Plus-X Pan query

Discussion in 'Black and White' started by brett "vangelic surgeon" windhausen, Mar 10, 2003.

  1. I like to use Tri-X and T-Max 100 quite a bit, but I've been itching
    to try out Plus-X Pan. The only developer I have available is D-76
    (school lab). I do buy all my own papers, however. What is the
    general consensus on Plus-X? In other words, how is its tonality,
    actuance, general look (all in D-76, of course). Thanx 4 any
    advice/information.
     
  2. A lot nicer, in my opinion than T-Max 100! Much better tonality.
     
  3. Plus-X is very nice film. Try diluting your D-76 1:1 and using it 1 shot. Suggested development time for this combination at 68 deg. F is 7 minutes. Full strength D-76 needs only about 5.5 minutes and that's working too fast for me. With longer development times you have some room for small timing errors without causing big differences in your results.
     
  4. It's lovely film. It's probably best exposed a little more than ISO=125 in order to get maximum shadow detail, say ISO=80.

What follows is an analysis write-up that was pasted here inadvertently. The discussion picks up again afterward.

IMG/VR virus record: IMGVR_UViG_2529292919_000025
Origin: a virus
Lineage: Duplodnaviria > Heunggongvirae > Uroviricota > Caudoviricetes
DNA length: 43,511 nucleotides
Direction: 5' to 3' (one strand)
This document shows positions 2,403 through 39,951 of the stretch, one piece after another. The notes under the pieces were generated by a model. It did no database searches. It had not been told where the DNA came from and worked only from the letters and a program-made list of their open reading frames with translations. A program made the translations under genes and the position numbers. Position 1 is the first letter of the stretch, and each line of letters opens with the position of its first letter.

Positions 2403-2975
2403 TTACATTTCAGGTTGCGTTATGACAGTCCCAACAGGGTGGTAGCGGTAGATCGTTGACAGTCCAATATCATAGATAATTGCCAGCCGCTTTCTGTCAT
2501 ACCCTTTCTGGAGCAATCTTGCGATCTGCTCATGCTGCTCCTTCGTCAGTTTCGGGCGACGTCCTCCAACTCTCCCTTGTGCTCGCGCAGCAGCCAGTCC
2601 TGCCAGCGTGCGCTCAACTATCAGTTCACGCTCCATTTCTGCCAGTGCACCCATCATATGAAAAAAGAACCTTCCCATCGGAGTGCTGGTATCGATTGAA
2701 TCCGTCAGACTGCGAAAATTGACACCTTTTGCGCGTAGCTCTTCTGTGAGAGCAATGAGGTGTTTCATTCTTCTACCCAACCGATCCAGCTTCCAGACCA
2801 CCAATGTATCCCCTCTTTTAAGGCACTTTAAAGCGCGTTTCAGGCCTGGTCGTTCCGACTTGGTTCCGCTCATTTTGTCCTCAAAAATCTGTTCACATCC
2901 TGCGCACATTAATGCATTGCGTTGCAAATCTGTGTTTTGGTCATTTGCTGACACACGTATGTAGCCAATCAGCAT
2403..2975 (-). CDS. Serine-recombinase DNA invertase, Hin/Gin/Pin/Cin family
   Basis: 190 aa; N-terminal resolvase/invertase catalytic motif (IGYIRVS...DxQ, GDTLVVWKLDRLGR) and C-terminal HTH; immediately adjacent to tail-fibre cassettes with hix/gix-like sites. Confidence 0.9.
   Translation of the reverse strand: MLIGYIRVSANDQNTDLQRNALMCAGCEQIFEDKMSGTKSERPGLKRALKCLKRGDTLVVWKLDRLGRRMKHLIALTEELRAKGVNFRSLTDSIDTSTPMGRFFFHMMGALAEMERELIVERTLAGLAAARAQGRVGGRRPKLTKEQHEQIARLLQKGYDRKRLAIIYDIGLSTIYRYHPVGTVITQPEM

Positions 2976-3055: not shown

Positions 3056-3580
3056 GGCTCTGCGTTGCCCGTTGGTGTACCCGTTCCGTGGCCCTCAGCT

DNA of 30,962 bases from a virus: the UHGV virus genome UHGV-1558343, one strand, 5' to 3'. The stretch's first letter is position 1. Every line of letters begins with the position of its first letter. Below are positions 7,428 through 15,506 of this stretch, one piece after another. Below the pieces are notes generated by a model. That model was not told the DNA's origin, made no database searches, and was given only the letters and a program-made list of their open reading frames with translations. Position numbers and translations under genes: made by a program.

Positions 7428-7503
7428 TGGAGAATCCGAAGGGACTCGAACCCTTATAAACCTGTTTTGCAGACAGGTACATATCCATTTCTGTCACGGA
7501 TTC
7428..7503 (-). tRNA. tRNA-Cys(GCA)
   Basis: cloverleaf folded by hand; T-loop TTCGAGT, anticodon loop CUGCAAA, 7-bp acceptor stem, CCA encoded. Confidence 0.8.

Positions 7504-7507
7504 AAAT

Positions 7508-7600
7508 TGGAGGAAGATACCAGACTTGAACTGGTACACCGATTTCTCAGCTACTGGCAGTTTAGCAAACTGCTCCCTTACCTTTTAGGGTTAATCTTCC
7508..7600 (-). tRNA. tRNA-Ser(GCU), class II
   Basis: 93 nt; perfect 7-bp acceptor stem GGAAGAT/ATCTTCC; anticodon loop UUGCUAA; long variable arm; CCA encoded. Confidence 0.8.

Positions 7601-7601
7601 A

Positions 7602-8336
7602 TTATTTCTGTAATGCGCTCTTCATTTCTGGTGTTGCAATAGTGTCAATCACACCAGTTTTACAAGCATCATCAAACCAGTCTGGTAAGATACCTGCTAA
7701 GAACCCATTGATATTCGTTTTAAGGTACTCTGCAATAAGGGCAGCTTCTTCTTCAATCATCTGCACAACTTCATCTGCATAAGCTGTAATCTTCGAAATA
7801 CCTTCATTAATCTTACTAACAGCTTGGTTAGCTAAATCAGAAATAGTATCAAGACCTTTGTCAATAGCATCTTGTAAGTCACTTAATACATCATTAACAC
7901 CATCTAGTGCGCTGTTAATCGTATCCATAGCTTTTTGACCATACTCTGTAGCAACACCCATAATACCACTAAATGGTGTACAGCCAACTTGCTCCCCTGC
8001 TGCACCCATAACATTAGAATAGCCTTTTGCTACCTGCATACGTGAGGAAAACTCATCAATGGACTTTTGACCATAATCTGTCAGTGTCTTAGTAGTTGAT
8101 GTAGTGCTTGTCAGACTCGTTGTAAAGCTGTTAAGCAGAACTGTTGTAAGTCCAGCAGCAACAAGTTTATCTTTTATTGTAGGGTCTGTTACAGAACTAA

5. I posted a reply to this question yesterday, but it isn't here so I'm not sure what happened.

    I love Plus-X. The tonality is great.

    I found after doing some PEI tests with a densinometer that I need to rate Plus-X at ISO 80 and develop for 9.5 minutes in D76 1:1 at 68deg... that is about a minute longer than the Kodak times. The difference between shooting and developing with my testing results versus the kodak iso and times is huge. I was always printing at grade 3.5 and now I print at grade 2. The tonal range is much better now.

    Jeff
    http://www.jeffsingerphotography.com
     
  6. Plus-X is a perfectly fine film and D-76 1:1 is the most common developer. That said, I actually preferred the results using D-76 full strength. Because I don't shoot a huge amount of film, I used it as a one-shot. Try a roll both ways and see which you like. You should also find it a much easier film to print well than TMX.
     
  7. Brett, I have used Plus-X since the 1960's for 35mm, 120 and 4x5. Always developed it in D-76 1:1 (roll film), or straight for sheet film. Finer grained than Tri-X. Here's an example of 35mm.
     

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